The term “decision fatigue” was first coined by social psychologist, Dr. Roy Baumeister, after his study in the field of mental discipline.
Decision fatigue is defined as “a psychological phenomenon surrounding a person’s ability or capacity to make decisions.”
Simply put, it’s when you become so mentally exhausted you struggle to make decisions.
You might have observed this in your own personal or professional life, where you hit a sort of wall and it becomes difficult to problem-solve, make choices with conviction, or even make tiny decisions like what to have for dinner.
How decision fatigue shows up in our lives
The theory goes that we all have a finite capability for making decisions each day – which is in turn affected by our stress and energy levels.
Once we wake up and go about our day, we’re faced with a lot of decisions. What to wear, what to eat, how we respond to emails and phone calls and requests… and then the heavy stuff kicks in.
As practice owners, we have to make important decisions about the future of the business, complex personnel issues, risk assessment, financial planning, marketing strategy – the list is endless!
At some point, we become so mentally depleted from the responsibility of making endless choices that our brain simply can’t do it anymore.
That’s when we reach decision fatigue. And it’s not just a question of “pushing through” or whether you have enough willpower, it’s a measurable phenomenon.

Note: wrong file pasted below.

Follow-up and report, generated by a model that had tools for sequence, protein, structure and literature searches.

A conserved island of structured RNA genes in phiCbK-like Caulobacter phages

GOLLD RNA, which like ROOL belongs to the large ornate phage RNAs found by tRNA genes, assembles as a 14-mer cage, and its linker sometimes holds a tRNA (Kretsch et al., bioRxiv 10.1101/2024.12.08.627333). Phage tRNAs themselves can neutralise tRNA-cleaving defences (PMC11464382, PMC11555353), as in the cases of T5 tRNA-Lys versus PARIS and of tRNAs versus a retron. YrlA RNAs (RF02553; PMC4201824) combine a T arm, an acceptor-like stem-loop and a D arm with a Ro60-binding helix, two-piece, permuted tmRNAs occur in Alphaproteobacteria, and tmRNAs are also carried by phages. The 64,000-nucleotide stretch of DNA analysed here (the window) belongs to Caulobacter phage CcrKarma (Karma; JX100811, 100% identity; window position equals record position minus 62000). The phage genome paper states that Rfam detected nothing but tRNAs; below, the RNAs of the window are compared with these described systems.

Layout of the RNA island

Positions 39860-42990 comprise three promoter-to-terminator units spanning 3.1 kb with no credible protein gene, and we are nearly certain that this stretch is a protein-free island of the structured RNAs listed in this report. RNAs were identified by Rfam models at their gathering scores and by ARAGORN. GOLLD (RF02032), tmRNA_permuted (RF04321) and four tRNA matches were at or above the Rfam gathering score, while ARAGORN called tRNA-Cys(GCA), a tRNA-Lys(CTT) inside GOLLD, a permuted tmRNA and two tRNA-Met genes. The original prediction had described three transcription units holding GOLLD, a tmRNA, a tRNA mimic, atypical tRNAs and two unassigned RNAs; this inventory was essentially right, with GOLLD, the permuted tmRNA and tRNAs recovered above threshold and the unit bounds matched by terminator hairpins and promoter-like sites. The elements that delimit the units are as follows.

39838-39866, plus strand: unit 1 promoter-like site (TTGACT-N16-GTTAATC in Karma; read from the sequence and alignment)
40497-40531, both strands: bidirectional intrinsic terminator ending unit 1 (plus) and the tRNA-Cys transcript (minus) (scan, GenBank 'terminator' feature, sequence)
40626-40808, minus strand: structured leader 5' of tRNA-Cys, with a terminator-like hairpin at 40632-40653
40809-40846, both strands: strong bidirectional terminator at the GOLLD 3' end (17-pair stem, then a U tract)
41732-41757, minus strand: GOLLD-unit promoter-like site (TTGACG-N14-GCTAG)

What the studies show…
Research and studies into decision fatigue actually began when Jean Twenge began working in a lab shortly after planning her wedding. Of course, there are numerous decisions, both minor and major, involved in wedding-planning which leaves one feeling very mentally exhausted.
Twenge replicated this by asking students to make a series of tiny decisions around which object they would like to keep from a selection (would they like the pen or candle? An almond or vanilla scented candle? A vanilla scented candle or a t-shirt? A red or black t-shirt? Etc). After an extended amount of time making these decisions, participants were less able to solve simple maths problems and quit earlier in tests of willpower – like holding their hand in a glass of ice.
The findings of Twenge’s studies have sparked a lot of conversation and brought awareness to the phenomenon of decision fatigue.
How can you reduce decision fatigue?
The first thing you can do to reduce decision fatigue starts with increasing your mental energy from the outset. Good sleep, hydration, nourishment, time for rest and leisure, and reducing stress all play a part in “filling our cup” so that we give ourselves as much energy as possible each day.
The next thing to consider is how you can reduce the number of decisions you have to make. I’m sure after years of dentistry and practice ownership, you can already appreciate the magic of scheduling, planning, and organisation. In order to eliminate a number of smaller decisions, you an even plan seemingly menial things in advance like what you wear, what you eat, what exercise you do etc. The research shows these don’t hit has hard as bigger decisions, but it can lighten the load.
However you’re going to see the biggest results when you can offload or at least reduce the number of highly important, significant decisions you have to make. This is where systems and automations in your practice can make a world of difference, along with regular company planning to give you a blueprint to follow, and then of course delegation and training others up on tasks.
Interested in learning more about mindset and productivity? We have a tonne of great podcast episodes with psychologists, couches, and productivity specialists that can help you out.
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